If there was ever any doubt, 2023 made two things very clear. First, California lawmakers are now fully committed to the idea that the state needs to build many more homes to tackle the state’s long term housing crisis. Second, that crisis isn’t going away anytime soon.
California’s steady rise in home prices and rents is the primary reason behind the state’s homelessness crisis, which grew even more dire in many parts of the state this year. Housing costs are also the culprit behind California’s sky-high poverty rate and its steady decline in population, as middle- and working-class residents seek cheaper places to live.
For years, many lawmakers in Sacramento preferred to leave questions of what gets built, where and under what terms to local governments. No longer.
A throng of state legislation passed in 2023 designed to clear aside local restrictions on construction and to diminish the threat of anti-development lawsuits, all with the goal of supercharging development. Affordable housing set aside for lower income Californians was a particular beneficiary.
The pro-housing shift in the Legislature is largely thanks to the severity of the crisis, but it’s also the product of a new pro-development coalition in Sacramento that includes developers, “Yes in my backyard” activists and, perhaps most crucially, the state’s unionized carpenters.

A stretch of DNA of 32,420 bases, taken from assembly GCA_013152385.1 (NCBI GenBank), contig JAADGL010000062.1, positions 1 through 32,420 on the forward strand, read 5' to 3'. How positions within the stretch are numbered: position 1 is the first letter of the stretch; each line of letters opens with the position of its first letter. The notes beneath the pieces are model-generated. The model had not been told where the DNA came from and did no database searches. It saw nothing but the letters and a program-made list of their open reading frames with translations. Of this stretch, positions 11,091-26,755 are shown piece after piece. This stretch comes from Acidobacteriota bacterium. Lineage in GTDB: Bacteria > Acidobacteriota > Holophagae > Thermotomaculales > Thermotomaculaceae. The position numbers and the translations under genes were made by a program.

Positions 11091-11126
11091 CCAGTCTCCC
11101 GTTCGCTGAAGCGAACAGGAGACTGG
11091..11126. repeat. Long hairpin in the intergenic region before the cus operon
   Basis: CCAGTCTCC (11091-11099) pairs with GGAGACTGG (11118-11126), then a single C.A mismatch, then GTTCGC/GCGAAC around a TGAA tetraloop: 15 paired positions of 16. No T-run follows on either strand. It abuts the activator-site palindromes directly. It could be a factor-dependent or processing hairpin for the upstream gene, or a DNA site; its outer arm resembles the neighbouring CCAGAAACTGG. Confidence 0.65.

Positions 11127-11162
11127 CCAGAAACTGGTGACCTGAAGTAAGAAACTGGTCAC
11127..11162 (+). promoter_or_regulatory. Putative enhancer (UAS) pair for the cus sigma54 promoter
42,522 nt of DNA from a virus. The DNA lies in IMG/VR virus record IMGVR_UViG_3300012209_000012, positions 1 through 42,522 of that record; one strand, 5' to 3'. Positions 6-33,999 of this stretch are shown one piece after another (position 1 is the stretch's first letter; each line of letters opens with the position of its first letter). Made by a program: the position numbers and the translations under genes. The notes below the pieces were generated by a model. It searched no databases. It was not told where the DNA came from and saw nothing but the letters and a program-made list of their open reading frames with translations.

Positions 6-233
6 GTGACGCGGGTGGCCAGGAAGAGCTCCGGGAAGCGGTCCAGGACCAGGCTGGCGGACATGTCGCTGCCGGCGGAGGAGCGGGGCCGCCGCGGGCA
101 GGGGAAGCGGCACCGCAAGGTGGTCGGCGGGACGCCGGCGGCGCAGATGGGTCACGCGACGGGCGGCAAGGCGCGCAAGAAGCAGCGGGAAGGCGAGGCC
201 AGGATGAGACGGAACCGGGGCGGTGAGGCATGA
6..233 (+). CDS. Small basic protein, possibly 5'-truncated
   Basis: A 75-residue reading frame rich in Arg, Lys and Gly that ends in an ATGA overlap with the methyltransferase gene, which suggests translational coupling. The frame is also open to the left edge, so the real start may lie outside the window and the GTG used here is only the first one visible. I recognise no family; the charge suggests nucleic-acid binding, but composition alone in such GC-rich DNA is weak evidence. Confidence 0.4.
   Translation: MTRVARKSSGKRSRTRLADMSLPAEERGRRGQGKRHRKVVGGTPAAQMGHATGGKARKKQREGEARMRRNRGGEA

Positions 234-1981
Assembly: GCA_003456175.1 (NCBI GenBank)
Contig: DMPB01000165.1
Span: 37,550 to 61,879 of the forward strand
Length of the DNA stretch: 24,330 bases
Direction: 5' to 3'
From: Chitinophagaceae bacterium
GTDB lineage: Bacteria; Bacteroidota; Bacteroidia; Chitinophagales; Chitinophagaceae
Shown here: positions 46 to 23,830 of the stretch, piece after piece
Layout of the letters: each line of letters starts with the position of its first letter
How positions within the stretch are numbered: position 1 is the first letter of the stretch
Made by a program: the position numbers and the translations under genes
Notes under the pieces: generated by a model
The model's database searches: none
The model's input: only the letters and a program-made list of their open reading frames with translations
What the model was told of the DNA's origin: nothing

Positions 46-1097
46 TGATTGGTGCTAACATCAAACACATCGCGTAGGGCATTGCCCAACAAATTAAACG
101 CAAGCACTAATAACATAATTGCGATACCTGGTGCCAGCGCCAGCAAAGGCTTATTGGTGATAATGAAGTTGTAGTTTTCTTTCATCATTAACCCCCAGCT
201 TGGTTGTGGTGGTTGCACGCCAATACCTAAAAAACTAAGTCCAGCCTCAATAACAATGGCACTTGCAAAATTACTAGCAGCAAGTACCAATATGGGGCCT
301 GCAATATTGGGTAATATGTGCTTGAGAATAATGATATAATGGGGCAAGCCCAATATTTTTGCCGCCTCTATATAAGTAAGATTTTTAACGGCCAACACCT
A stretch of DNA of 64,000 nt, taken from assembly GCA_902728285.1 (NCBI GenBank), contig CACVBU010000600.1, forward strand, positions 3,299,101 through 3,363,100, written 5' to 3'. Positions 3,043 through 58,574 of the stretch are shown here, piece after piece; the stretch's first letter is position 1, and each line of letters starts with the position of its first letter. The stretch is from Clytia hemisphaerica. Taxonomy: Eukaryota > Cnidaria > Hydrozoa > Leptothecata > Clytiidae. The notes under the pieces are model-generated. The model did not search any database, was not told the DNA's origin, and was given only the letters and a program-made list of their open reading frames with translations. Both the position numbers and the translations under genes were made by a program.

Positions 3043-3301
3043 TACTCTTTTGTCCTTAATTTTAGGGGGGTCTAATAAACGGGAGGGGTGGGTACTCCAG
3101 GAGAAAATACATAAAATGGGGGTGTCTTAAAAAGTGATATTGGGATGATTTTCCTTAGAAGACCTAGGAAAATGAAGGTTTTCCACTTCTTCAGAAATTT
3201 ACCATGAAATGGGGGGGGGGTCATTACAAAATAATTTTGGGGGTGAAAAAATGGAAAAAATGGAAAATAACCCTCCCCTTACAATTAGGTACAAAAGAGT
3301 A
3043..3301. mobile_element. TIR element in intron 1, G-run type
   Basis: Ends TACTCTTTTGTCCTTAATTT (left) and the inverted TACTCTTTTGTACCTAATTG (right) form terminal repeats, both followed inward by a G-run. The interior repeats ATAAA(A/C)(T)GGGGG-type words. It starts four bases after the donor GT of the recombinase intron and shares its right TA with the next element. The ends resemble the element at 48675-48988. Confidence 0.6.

The state’s executive branch wants to spur production too. The governor’s Department of Housing and Community Development spent much of the past year pressuring local governments to plan for enough housing to meet statewide production goals.
In some cases, enforcement has meant promoting an old, but never-before-used state law — the so-called Builder’s Remedy — that allows developers to ignore zoning restrictions in cities that don’t pass their housing plans on time. In other cases it’s meant auditing local approval processes and taking reluctant cities to court, something Attorney General Rob Bonta has done or threatened to do on numerous occasions.
Though 2023 was a (relative) roaring success for pro-building advocates, those concerned about renter protections saw more muted gains. The Legislature passed laws that make it harder for landlords to evict tenants and that limit the size of security deposits — relatively modest changes won over the fierce opposition of the state’s powerful landlord lobby. Now that pandemic-era eviction bans enacted by state and local governments during the pandemic have largely lifted, the number of renters being tossed from their homes has shot up, driven by eviction spikes in Los Angeles and the San Francisco Bay Area. Even so, tens of thousands of tenants who turned to the state for rental assistance during the pandemic are still awaiting that help.